Grand jurors in Travis County charged Mr. Perry with abusing his official capacity and coercing a public servant, according to Michael McCrum, the special prosecutor assigned to the case.

The long-simmering case has centered on Mr. Perry’s veto power as governor. His critics asserted that he used that power as leverage to try to get an elected official — Rosemary Lehmberg, the district attorney in Travis County — to step down after her arrest on a drunken-driving charge last year. Ms. Lehmberg is Austin’s top prosecutor and oversees a powerful public corruption unit that investigates state, local and federal officials; its work led to the 2005 indictment of a former Republican congressman, Tom DeLay, on charges of violating campaign finance laws.

Read more at The New York Times

Oklahoma coming to terms with unprecedented surge in earthquakes

By Hailey Branson-Potts in the Los Angeles Times

Crescent, Okla., like much of the state, has been hit by numerous earthquakes in recent weeks. Many scientists blame drilling operations. (Mark Potts / LA Times)

When Austin Holland was being considered for his job as the sole seismologist at the Oklahoma Geological Survey in 2009, his interviewer posed a wry question: “Are you going to be able to entertain yourself as a seismologist in Oklahoma?”

Back then, the state had a 30-year average of only two earthquakes of magnitude 3.0 or higher per year. As it turns out, though, boredom has been the least of Holland’s concerns. Over the last five years, the state has had thousands of earthquakes — an unprecedented increase that has made it the second-most seismically active state in the continental United States, behind California.

The state had 109 temblors measuring 3.0 or greater in 2013 — more than 5,000% above normal. There have already been more than 200 earthquakes this year, Holland said.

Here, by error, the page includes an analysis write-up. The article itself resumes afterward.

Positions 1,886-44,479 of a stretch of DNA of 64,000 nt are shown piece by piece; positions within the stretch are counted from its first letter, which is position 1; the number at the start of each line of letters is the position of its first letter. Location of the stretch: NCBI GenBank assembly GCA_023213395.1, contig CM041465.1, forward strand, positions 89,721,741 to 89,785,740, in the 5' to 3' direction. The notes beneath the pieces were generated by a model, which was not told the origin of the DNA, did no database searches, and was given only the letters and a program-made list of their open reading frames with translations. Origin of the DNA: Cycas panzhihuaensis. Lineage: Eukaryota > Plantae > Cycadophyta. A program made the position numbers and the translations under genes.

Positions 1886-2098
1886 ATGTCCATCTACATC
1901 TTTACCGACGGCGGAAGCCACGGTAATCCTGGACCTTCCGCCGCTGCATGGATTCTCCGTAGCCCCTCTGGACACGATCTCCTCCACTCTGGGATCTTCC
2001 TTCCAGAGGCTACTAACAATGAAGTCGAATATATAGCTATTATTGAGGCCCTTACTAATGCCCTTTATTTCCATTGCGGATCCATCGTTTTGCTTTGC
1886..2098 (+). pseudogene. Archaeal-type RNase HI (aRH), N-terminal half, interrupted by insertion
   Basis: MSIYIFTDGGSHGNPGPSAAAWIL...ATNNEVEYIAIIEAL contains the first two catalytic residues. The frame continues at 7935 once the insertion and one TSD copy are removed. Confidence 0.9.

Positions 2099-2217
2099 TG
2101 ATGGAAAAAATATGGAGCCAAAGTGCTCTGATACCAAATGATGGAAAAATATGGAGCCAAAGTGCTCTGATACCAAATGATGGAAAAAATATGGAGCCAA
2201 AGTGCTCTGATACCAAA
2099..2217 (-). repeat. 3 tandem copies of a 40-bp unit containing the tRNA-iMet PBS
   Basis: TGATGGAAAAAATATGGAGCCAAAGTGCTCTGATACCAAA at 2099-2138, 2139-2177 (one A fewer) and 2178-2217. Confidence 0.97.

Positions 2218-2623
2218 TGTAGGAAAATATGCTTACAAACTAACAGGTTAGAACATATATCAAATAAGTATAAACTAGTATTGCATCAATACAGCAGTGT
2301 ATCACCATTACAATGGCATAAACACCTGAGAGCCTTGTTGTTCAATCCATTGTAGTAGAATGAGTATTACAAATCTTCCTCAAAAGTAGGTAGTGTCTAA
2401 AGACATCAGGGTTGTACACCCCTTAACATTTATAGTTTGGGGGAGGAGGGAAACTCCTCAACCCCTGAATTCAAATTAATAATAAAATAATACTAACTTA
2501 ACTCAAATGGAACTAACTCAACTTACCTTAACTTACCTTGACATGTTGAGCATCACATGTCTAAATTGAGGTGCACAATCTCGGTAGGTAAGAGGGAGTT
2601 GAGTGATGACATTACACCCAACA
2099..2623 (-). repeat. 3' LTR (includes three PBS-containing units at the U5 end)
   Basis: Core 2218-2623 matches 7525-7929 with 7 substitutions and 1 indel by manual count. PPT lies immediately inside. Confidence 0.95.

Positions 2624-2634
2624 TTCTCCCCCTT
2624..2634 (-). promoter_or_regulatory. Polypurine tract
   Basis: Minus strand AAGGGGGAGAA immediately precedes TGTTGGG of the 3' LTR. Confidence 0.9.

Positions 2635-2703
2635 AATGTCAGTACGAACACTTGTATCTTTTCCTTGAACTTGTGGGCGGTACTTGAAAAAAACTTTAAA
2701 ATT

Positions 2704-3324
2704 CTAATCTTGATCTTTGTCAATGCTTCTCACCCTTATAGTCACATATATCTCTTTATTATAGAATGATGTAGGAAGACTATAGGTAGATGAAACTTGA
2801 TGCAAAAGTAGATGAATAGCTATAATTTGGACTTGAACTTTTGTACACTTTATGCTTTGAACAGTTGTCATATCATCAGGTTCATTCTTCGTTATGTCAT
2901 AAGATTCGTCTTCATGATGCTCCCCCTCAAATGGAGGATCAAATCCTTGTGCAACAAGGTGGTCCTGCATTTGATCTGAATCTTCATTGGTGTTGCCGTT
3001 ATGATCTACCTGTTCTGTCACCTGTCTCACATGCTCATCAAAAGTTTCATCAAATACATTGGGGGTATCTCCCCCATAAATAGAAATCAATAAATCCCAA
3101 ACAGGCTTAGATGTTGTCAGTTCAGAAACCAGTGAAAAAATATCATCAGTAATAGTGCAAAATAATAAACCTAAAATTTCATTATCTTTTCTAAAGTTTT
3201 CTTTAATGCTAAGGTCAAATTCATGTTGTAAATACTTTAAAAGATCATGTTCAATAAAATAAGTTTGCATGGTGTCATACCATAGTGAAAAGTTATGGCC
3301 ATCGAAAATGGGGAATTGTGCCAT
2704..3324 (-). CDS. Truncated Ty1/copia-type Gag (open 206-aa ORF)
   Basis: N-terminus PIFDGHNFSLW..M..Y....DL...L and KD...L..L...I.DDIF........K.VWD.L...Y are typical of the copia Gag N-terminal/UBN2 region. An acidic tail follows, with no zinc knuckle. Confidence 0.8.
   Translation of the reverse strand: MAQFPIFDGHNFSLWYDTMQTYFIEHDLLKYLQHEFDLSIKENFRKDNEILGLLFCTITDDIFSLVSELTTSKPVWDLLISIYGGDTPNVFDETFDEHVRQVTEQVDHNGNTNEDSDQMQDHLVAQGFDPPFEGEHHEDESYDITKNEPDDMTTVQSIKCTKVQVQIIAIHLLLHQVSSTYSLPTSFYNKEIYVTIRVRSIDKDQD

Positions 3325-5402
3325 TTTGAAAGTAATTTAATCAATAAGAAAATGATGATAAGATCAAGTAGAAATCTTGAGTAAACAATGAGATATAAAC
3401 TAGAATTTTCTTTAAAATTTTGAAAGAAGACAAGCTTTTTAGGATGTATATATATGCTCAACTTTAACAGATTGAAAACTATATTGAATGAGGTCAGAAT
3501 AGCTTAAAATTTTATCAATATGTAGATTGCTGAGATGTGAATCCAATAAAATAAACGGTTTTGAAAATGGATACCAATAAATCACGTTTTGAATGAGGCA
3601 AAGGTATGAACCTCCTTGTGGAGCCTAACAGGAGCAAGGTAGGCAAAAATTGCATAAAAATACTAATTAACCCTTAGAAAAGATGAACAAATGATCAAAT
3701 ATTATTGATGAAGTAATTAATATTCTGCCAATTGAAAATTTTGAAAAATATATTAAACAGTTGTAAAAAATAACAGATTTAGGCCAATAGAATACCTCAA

Scientists have never observed such a dramatic swarm of earthquakes “in what’s considered a stable continental interior,” Holland said. “Whatever we’re looking at, it’s completely unprecedented.”

Oklahoma has always had the potential for earthquakes; it has a complex underlying fault system. But until recently, the most powerful quake of the modern era was a 5.5-magnitude temblor in 1952 that left a 15-meter crack in the state Capitol.

Scientists say the more likely cause of the recent increase is underground injection wells drilled by the oil and gas industry. About 80% of the state is within nine miles of an injection well, according to the Oklahoma Geological Survey.

Oklahoma has seen a boom in oil and gas production, including the use of hydraulic fracturing, or fracking — the process of shooting water, sand and chemicals deep into the earth at high pressure to extract oil and natural gas. Scientists from the U.S. Geological Survey and several universities suggest there is a link between the quakes and disposal wells, where wastewater from fracking is forced into deep geological formations for storage.

Read more at the Los Angeles Times

Marissa Alexander Now Faces 60 Years in Prison for Firing a Warning Shot in Self Defense

Marissa Alexander walks out of the Duval County Courthouse with her lawyers (AP Photo/The Florida Times-Union, Bob Mack)